Faxes work in a similar way. The black and white squares mean nothing when viewed on their own, but collectively, they form into images and documents.

Modern machines use the same two-tone concept of early machines. However, today’s machines use digital scanning technology in order to create higher resolution images of the documents you’re trying to send.

Modern machines are called digital faxes, while older-style machines are called analog faxes. Analog faxes and digital faxes can easily communicate with one another.

Receiving A Faxed Document

What is your fax machine actually doing once it receives a call?

Your machine is accepting “the handshake”. This handshake is the very first part of receiving a fax. The sending machine initiates the handshake and, once the handshake has been accepted, starts sending a series of beeps to the receiving machine.

These beeps tell the receiving machine that the sending machine is requesting to send a fax. It’s called the handshake because the two machines are essentially introducing themselves to one another before getting down to business.

The main purpose of this handshake is to make sure that the receiving machine is actually a fax machine and not a telephone handset. Once that has been established, the transmission of information can begin.

First, they tell the other machine whether they’re an analog or digital machine. Next, the two machines discuss which compression format they use. Finally, they decide on the format in which to send the fax and begin sending the actual document.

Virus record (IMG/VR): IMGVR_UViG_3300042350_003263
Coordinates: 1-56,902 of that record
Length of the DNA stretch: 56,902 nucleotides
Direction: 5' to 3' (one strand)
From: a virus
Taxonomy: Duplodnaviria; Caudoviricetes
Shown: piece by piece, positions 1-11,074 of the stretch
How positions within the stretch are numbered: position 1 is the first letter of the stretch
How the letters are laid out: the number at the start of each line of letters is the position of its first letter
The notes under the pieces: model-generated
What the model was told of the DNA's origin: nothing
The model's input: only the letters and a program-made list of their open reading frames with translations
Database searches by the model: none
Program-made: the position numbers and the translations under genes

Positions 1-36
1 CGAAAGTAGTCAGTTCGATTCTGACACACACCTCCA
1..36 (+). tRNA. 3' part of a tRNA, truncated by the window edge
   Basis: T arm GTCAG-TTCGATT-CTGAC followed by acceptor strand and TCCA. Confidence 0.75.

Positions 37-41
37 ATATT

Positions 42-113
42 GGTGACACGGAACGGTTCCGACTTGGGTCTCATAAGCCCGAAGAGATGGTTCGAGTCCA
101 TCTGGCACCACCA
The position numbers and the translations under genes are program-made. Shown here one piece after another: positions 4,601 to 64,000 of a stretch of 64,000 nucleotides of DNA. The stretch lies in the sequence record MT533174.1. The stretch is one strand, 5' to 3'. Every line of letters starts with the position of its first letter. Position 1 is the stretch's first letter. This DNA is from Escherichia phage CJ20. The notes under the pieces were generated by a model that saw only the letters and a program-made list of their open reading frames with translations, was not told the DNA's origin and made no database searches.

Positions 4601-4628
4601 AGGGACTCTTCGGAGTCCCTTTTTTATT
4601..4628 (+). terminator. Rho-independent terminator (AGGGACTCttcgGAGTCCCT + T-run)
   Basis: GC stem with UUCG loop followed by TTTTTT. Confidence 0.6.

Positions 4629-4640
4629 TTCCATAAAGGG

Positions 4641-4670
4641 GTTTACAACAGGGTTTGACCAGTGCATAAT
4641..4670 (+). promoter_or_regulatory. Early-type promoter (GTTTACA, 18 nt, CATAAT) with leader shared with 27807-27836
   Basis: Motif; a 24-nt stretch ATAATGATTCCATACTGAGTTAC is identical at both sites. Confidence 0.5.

After the message has completely made its way down the telephone line, the receiving machine will send out a confirmation of receipt message. This receipt tells the other machine that the message was successfully received. At this point, the sending machine may print off the confirmation of receipt – depending on the user’s settings.

Meanwhile, on the receiving machine’s end, the fax has processed the information and transmitted that information onto a document using a rotating drum and a type of pen. This pen marks the paper in the same areas as the sent document to effectively reproduce the sent document.

A Basic Step By Step Explanation of A Fax Machine

As mentioned above, faxing isn’t rocket science. It boils down to a few essential points:

Step 1)

        The user places a document into the fax machine and types in a number

Step 2

        ) The machine scans the document using a photo sensor that zooms into small squares on the sending document. These squares can be either black or white and are approximately 0.01 square inches in size.

Step 3)

        The fax machine transmits this information to the receiving fax using two tones: one tone indicates a black square, while another indicates a white square. Together, these black and white squares make up the document or image that is being sent.

Step 4)

        The receiving machine uses this information to create a coherent image. The receiving machine listens for each tone and colors a blank piece of paper using a pen-like device.

Step 5)

      The receiving machine prints off the reproduced document. The sending machine prints off a receipt of confirmation.

How To Use Your Fax Machine

Now that you know how fax machines work, it’s time to get your fax machine set up. To set up your fax machine, we’re going to need the following items: